Dreams of equality for Catholic women

On Tuesday evening, I invited some neighbors to my house to celebrate an historic event. It was the moment that the first woman had earned nomination as the U.S. presidential candidate of a major political party. Her name is, of course, Hillary Clinton.

However one regards Hillary politically, this was an historic evening… one more glass ceiling was shattered -- and it is a significant glass ceiling.

I've spent a lot of energy in my life working for gender equality: especially the Equal Rights Amendment (ERA) and women's ordination in the Catholic church, so when any movement in the direction of gender equality takes place, it's cause for celebration.

I stopped that evening to remember the suffragists who petitioned and marched -- and protested and went to jail -- for women's right to vote. I remembered by father sitting at the dinner table telling me (in the 1960s) that I could be anything I wanted to be and asking me if I had signed up to take chemistry and physics in high school.

I remembered the priest who was my high school principal telling me that I could not give the valedictory address at my high school graduation because I was a girl. And I remembered with satisfaction how I had when I challenged him with media exposure in our local newspaper ... and watched him back down. I gave the speech.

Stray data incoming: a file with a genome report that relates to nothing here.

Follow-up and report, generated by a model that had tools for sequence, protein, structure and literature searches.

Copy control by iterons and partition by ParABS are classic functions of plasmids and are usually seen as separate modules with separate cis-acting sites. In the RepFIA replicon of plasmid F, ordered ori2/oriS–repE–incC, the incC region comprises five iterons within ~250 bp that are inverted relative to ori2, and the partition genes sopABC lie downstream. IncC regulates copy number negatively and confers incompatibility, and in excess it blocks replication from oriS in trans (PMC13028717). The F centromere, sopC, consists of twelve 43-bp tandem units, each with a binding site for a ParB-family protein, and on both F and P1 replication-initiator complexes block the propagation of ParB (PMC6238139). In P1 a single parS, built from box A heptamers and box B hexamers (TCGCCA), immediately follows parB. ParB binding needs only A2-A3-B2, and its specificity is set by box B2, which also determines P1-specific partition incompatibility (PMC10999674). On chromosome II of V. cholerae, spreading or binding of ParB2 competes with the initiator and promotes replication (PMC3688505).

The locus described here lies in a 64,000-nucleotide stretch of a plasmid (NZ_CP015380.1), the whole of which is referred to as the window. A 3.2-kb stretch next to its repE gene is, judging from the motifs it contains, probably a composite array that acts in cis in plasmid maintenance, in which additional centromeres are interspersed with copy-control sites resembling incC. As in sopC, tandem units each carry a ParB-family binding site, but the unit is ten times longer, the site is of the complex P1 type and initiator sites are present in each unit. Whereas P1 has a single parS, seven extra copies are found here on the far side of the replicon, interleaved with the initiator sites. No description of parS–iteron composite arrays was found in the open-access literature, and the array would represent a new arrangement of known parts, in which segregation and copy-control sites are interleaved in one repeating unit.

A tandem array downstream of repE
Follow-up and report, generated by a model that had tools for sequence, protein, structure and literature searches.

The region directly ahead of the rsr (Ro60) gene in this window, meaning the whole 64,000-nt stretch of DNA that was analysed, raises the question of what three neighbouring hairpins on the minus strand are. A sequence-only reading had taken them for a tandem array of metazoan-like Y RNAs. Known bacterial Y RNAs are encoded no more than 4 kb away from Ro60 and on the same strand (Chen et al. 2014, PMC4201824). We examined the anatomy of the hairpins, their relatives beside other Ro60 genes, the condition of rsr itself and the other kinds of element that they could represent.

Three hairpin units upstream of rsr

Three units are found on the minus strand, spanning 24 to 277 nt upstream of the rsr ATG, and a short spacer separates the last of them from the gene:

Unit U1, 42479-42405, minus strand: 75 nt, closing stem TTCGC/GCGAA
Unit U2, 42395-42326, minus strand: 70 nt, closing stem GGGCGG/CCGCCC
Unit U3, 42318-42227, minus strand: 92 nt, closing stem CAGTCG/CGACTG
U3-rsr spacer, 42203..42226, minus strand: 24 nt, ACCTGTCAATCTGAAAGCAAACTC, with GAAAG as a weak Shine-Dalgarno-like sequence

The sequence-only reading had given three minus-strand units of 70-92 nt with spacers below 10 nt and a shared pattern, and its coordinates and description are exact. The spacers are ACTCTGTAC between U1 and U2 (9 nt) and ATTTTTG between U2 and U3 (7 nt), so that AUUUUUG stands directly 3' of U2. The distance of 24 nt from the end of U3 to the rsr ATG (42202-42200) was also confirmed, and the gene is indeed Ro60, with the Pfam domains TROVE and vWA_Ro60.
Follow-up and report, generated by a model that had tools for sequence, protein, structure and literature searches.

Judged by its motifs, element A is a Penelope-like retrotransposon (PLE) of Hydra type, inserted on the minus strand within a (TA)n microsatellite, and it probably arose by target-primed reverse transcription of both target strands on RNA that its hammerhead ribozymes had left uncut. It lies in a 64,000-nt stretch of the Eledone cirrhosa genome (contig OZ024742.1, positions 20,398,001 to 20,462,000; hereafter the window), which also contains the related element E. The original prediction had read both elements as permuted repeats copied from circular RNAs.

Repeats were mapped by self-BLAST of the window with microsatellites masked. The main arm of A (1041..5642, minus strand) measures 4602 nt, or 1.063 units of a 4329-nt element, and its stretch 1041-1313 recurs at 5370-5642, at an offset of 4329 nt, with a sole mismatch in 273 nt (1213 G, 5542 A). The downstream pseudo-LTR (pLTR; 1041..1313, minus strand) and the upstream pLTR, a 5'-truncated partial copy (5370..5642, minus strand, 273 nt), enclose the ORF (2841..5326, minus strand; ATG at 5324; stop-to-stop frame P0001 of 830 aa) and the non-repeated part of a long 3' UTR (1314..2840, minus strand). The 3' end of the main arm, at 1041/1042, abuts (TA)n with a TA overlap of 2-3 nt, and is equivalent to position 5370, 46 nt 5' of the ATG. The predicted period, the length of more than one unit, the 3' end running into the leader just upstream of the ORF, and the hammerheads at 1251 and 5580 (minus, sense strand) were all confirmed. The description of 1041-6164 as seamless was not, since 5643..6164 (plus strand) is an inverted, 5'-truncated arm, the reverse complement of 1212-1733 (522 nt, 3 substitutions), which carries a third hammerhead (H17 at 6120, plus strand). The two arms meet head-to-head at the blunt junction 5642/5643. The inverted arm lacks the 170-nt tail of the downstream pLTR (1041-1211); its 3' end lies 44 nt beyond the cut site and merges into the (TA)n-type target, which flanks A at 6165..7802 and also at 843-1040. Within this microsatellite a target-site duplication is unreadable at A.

New to NCR: Obituaries.
Visit these pages to remember and celebrate the lives of those we have recently lost.

I recalled the years I spoke and organized for the ERA under the banner of "Catholics Act for ERA." And I recalled that I and seven other women fasted for 37 days for the ERA under a banner that said "Hungering for Justice." We did not achieve legal ERA ratification, but when I watched Hillary Clinton claim victory on June 7, I knew I was seeing part of that dream of equality come true. Slowly but surely, the ERA is becoming "culturally and politically" ratified.

Now, although we still have barriers to equality in civil society ("equal pay for equal work" comes to mind), it is the Roman Catholic church that makes me the saddest. The "reasons" given for not ordaining women don't make sense, and they certainly contravene the Gospel call to equality.

Yes, I was happy that Pope Francis agreed to study the idea of women deacons. But it's a little like an early 20-century U.S. president agreeing to "study" the idea of women in the House of Representatives. Whoopee!

I am still waiting for the day when -- after the church is re-structured to be less hierarchical -- women stand as the equals of men in all offices and ministries. Then, the stained glass ceiling will be shattered!


Join the Conversation

Send your thoughts and reactions to Letters to the Editor. Learn more here

Advertisement